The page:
Amidst these issues, the Administration’s critics gained momentum. Left-wing political action committee sponsored anti-war advertisements and a “Take Back the White House” campaign that raised $750,000. Democratic Presidential candidate John Kerry galvanized support among the political Left by adopting an anti-war stance. Other Democratic Presidential hopefuls also embraced the anti-war Left. Some, such as Howard Dean, had opposed the war from the beginning. The Democrats quickly came to be seen as an anti-war Party, but this caused problems for Kerry. His October 2002 Senate vote in favor of the use of force against Iraq undermined his anti-war credentials. To counter this, and to bolster his appeal to anti-war voters, the Kerry campaign emphasized his Vietnam era anti-war advocacy. Conservative groups such as Swift Boat Veterans for Truth, however, charged that Kerry had misrepresented his military service record. At a March 2004 rally, Kerry responded to a question about his decision to vote against an $87 billion appropriation for military operations. In what he later described as “one of those inarticulate moments,” Kerry clumsily said “I actually did vote for the $87 billion before I voted against it.”8

The Bush campaign immediately latched on to the gaffe. Television commercials and statements by leading Republican officials accused Kerry of “flip-flopping” on important issues. On the Iraq War alone, Kerry “flip-flopped” on the $87 billion appropriation and the 2002 resolution authorizing the use of force against Iraq. The Bush campaign insisted that Kerry would make a weak and indecisive President.

In contrast to Kerry, the Bush campaign created an image of President Bush as a steady, unwavering leader. At the Republican National Convention, New York Governor George Pataki hailed Bush’s “supreme guts.” Retired General Tommy Franks declared that Bush had “the courage to stand up to terrorists and the consistency necessary to beat them.”9 Despite the Administration’s failure to prepare for the growing Iraqi insurgency, coalition forces had captured Saddam and killed his sons, toppled the regime, and, on June 28, 2004, installed an Iraqi Interim Government to replace the Coalition Provisional Authority.10 These developments, combined with the Administration’s commitment to holding elections for a permanent Iraqi government in January 2005, suggested that the war was being won. Progress was being made, the Administration asserted, and the American people should not “change horses midstream.”

This message resonated with many national security-conscious Americans, even while overall support for the Iraq War decreased. American attitudes toward the war continued to favor the use of force as the “right decision” until after the 2004 election. When the war began, 72% of Americans polled supported it. That percentage declined to 55% in March 2004, and to an even split by February 2005. Public opinion did not consistently and decisively turn against the war until late 2005 and early 2006.11 The 2004 election therefore occurred at a time during which a slim majority of voters still accepted the Administration’s claims that Iraq was on a path toward peace and that the invasion had made America safer. Bush’s reelection campaign ended victoriously, but American attitudes toward the Iraq War soon soured.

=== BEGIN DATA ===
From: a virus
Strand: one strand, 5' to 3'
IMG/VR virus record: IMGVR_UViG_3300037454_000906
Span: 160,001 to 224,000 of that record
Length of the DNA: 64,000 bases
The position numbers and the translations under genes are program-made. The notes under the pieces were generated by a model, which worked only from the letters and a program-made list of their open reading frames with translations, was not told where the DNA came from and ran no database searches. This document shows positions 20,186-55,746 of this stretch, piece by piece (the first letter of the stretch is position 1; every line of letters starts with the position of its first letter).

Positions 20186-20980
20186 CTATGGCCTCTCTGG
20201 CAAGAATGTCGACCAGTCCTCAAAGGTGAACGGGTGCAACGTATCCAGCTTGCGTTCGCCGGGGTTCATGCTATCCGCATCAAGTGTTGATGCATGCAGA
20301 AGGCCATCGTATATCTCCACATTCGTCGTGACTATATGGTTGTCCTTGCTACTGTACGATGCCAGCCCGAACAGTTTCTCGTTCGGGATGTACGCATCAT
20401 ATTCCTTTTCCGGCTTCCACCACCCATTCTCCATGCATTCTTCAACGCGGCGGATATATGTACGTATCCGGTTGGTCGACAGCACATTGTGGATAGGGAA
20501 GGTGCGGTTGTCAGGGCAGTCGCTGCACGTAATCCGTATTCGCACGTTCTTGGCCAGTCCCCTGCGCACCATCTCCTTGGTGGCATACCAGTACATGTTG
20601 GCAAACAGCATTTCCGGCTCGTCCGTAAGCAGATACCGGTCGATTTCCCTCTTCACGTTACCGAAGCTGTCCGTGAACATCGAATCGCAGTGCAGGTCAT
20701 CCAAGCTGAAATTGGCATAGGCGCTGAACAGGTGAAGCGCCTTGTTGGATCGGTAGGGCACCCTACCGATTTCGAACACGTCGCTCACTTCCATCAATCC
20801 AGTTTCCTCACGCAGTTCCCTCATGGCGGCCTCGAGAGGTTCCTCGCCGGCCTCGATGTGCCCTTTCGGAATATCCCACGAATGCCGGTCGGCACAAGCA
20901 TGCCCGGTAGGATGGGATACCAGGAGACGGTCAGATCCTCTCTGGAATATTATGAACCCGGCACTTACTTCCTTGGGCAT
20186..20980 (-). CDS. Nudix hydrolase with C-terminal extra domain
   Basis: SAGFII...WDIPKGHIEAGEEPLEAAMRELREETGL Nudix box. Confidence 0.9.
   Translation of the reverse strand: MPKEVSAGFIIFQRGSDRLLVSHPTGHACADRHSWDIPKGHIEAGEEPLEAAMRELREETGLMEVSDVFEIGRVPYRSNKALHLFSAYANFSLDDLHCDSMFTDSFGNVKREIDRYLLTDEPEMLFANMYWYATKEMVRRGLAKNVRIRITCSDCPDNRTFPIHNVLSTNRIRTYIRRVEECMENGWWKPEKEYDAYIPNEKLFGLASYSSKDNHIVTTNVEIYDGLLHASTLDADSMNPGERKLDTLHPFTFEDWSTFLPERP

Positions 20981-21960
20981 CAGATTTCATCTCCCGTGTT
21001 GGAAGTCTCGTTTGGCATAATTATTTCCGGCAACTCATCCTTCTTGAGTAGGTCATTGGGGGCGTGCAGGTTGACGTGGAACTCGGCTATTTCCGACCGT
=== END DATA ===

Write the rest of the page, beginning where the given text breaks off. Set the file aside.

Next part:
1 “Text of Bush’s Speech at West Point.” The New York Times. June 1, 2002. Accessed May 30, 2014.

2GPO. “Authorization for Use of Military Force Against Iraq Resolution of 2002.” 107th Congress Public Law 243. Accessed April 30, 2014.

3Thomas Ricks, Fiasco: The American Military Adventure in Iraq (Penguin: New York, 2006), 90-91. See also Laura McClure, “Coalition of the billing—or unwilling?”, March 12, 2003. Accessed August 7, 2014.

4Ricks, 135-38.

5Brian Knowlton, “Top U.S. General in Iraq Sees ‘Classical Guerrilla-Type’ War.” The New York Times. July 16, 2003.

6 Ricks, 246-49.

7Carter Malkasian, “Counterinsurgency in Iraq,” Daniel Marston and Carter Malkasian, eds., Couterinsurgency in Modern Warfare. Osprey Publishing, 2008. p.246; Ricks, 377.

8“Kerry stands by ‘yes’ vote on Iraq War.” August 10, 2004. Accessed April 26, 2014. “Bush Outlines ‘Where I will Lead this Country.’” September 3, 2004. Accessed May 30, 2014.

10Malkasian, 248.

11Pew Research Council, “Public Attitudes Toward the War in Iraq, 2003-2008,” March 19, 2008. Accessed April 30, 2014.